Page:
Later in the day I got to see some of Johnson’s bowling live and it reflected a player sapped of direction (literally) and confidence. 

With England’s score approaching 400 I still thought that one wicket could set up a collapse and an Australian win. But I’d forgotten that this Australian team doesn’t have the match-turners they had five years ago. Warne and McGrath with the ball; Gilchrist and, to a lesser degree, Hayden with the bat. There are no obvious 2010 equivalents to those guys.

Lunch came and went and England ground on, knocking over records as they went. In the end they declared at an amazing 1/517. While this would have been a demoralising scoreline for the Australians, I would have preferred to see Strauss declare earlier and give his side some chance of bowling Australia out. It’s true Australia need to win this series and by extension Test matches to regain the Ashes but the task is much harder at 0-1 behind than from 0-0 with four Tests to play.

Australia lost a predictable early wicket in Katich before Ponting and Watson saw off any danger of a miracle English victory. The captains called time with an hour to play with Australia at 1/107.

So we head to Adelaide with effectively a four game series ahead. The Australians have some legitimate concerns, particularly with their attack. Outside of Siddle’s burst, they hardly looked like getting regular breakthroughs. And Clarke and North are a middle-order concern.

But on the other hand, despite all these negatives, Australia hung on for a draw. If I were a person of influence in the Aussie dressing rooms, I’d be pressing this point home to the players. Not unlike an AFL coach might do after his team has put in an ordinary effort but still come away with the points. To me it seems Australia has more room for improvement than England does.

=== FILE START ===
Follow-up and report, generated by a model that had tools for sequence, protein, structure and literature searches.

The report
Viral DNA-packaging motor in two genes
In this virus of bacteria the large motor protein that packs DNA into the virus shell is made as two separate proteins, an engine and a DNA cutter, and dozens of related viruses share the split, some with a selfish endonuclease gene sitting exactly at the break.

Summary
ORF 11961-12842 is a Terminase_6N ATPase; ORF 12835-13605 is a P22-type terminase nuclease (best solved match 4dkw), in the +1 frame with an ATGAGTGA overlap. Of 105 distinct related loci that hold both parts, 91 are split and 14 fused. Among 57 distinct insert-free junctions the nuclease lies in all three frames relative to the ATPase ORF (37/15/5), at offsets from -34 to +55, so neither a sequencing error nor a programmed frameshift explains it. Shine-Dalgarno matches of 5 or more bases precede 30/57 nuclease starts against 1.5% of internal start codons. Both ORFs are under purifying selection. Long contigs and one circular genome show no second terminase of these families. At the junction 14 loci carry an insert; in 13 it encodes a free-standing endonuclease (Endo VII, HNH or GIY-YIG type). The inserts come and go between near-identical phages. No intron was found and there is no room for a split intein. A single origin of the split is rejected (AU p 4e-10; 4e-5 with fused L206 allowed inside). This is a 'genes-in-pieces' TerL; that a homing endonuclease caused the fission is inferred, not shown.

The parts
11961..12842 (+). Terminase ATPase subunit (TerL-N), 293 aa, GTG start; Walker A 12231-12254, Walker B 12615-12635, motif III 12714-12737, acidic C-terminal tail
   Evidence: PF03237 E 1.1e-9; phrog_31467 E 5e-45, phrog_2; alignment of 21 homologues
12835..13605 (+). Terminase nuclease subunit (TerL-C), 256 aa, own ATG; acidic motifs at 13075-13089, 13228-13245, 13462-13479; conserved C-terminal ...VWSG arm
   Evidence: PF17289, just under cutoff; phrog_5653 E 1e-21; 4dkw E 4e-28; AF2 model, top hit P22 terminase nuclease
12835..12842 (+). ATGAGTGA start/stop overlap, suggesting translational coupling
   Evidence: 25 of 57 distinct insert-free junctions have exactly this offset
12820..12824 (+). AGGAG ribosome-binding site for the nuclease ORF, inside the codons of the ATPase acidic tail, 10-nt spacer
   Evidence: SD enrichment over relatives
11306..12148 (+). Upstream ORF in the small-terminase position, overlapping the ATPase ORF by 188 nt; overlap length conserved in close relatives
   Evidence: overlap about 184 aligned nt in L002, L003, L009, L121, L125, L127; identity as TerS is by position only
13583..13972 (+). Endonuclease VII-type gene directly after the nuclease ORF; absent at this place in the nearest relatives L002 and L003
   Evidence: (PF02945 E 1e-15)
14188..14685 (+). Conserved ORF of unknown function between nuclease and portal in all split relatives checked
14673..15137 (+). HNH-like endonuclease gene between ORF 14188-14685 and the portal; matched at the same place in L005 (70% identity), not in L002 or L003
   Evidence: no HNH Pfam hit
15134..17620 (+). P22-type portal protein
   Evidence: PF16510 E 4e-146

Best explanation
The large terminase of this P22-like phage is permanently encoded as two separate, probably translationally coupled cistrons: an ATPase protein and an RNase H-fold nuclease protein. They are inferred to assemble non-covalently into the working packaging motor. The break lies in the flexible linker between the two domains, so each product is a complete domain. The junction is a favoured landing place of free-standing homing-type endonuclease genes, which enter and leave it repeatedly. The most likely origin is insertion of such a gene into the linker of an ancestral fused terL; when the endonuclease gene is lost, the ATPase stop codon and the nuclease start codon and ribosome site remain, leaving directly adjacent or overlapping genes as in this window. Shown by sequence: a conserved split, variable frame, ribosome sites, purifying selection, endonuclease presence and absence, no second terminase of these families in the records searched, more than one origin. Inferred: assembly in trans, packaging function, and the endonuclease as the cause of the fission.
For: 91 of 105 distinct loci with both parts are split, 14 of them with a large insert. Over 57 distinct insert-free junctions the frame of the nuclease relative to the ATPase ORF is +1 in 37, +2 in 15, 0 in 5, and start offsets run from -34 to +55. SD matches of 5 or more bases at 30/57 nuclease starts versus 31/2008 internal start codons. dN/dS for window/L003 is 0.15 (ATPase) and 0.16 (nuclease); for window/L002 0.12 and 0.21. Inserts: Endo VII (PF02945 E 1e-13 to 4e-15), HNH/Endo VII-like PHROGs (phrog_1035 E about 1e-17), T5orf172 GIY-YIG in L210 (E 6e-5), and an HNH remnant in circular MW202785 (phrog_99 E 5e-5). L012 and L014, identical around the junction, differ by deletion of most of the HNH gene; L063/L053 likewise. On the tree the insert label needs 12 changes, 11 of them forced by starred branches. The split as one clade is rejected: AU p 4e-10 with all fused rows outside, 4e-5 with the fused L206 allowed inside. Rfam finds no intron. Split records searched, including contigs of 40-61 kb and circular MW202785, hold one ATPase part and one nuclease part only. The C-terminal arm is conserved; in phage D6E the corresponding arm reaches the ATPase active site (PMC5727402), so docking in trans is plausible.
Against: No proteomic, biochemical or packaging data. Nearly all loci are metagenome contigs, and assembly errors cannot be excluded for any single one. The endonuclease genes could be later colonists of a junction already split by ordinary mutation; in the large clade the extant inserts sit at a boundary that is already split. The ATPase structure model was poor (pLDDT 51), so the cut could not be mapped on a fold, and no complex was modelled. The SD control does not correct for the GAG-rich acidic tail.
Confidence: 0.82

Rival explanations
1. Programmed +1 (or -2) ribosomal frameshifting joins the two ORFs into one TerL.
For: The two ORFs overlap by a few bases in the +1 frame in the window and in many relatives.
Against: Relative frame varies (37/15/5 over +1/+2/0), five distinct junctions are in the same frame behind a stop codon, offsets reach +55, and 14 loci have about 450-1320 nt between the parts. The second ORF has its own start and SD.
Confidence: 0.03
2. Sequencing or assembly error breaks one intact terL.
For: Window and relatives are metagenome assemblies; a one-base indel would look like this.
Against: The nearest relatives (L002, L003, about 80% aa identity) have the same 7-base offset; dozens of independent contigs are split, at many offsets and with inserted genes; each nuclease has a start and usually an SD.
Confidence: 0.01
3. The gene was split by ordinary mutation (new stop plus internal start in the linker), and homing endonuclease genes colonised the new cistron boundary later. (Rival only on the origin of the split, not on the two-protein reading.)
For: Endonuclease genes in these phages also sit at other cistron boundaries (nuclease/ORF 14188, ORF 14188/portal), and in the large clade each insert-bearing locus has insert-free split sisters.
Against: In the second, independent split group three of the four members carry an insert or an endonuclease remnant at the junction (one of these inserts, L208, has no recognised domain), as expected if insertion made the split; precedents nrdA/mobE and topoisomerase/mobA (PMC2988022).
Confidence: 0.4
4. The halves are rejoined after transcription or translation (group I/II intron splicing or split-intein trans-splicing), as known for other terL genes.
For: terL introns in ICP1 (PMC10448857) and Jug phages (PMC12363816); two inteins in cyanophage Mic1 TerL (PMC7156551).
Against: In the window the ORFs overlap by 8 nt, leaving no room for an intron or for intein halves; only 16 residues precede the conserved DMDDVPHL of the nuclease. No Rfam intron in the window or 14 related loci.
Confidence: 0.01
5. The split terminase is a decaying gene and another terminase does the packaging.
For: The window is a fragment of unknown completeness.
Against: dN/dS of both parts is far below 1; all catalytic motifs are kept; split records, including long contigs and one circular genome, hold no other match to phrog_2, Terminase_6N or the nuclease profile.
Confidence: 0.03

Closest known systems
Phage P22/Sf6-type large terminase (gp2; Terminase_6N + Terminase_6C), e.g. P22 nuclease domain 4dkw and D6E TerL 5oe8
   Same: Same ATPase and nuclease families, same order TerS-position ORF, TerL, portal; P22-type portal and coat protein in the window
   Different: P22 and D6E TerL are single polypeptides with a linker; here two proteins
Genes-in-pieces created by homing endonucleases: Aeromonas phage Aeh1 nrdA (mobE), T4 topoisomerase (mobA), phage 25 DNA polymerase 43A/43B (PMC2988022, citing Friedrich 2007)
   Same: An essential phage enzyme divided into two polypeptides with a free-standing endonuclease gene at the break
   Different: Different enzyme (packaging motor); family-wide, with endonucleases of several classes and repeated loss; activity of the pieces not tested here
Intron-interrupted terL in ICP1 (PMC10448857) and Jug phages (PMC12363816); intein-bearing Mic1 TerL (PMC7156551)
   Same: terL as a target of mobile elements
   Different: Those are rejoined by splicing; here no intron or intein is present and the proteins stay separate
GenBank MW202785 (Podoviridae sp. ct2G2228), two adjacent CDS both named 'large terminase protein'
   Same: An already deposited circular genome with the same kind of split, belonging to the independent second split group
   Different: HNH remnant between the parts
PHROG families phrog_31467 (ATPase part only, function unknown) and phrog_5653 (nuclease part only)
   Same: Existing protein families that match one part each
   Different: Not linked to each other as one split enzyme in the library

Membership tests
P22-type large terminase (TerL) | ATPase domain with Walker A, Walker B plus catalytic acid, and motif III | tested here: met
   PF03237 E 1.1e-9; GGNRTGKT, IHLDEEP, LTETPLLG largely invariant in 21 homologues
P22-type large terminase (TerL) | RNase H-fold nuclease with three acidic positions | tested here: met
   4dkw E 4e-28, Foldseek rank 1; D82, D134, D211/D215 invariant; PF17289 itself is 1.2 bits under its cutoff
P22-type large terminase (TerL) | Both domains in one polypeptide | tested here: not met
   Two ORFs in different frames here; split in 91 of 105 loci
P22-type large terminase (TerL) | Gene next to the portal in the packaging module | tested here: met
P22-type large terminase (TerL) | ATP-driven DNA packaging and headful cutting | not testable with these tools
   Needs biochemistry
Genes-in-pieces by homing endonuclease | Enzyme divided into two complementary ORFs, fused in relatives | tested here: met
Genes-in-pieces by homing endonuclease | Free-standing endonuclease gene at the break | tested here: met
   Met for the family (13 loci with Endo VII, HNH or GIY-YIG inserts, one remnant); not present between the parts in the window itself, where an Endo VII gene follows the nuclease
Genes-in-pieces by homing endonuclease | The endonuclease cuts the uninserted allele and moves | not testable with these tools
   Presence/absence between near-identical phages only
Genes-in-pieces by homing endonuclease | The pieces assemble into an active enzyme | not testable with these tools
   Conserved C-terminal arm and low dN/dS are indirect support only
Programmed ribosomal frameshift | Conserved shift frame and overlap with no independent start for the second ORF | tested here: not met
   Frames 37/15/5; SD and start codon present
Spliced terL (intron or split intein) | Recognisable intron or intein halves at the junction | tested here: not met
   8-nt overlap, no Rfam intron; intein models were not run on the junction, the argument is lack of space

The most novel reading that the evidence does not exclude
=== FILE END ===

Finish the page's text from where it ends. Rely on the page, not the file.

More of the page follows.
The weaknesses are a concern but can be addressed. Ponting, Tim Nielsen and the selectors can tackle them without the stress of being one behind in the series. In fact they can take a lead from the letters of the name of England’s skipper Andrew Strauss: “A DRAW? UNSTRESS!”

About Andrew Gigacz

Well, here we are. The Bulldogs have won a flag. What do I do now?

Comments

  1. Peter Flynn says:

    Agree with your early declaration call and your comments re field placing.

    Ponting doesn’t really believe in slips.

    He is not good tactically and has to marshal Shield bowlers in a Test match.

    Who is coaching Johnson? A scrambled seam, brain, radar etc.

    “Australia hung on for a draw”. We’re talking like Poms now.

    Cheers,

    Peking Peter

  2. Peking Peter, have you escaped the country to avoid the Big Ted ticker tape parade?

    ‘“Australia hung on for a draw”. We’re talking like Poms now.’ I take your point. But I thought there were positives that could be taken from this result given the number of non-contributors Australia had.

  3. John Butler says:

    PF, “what are the coaches doing re Johnson” is an excellent question. Has been for 12 months.

    Gigs, dead right re field placements. Too many smart-arse short midwickets, not enough slips.

    KISS should apply.

    But it is still 0-0

    Roll on Adelaide. Hopefully a livelier deck.

  4. No Shit Sherlock statement of the week goes to Ricky Ponting – “I don’t think Mitchell was at his best during this test”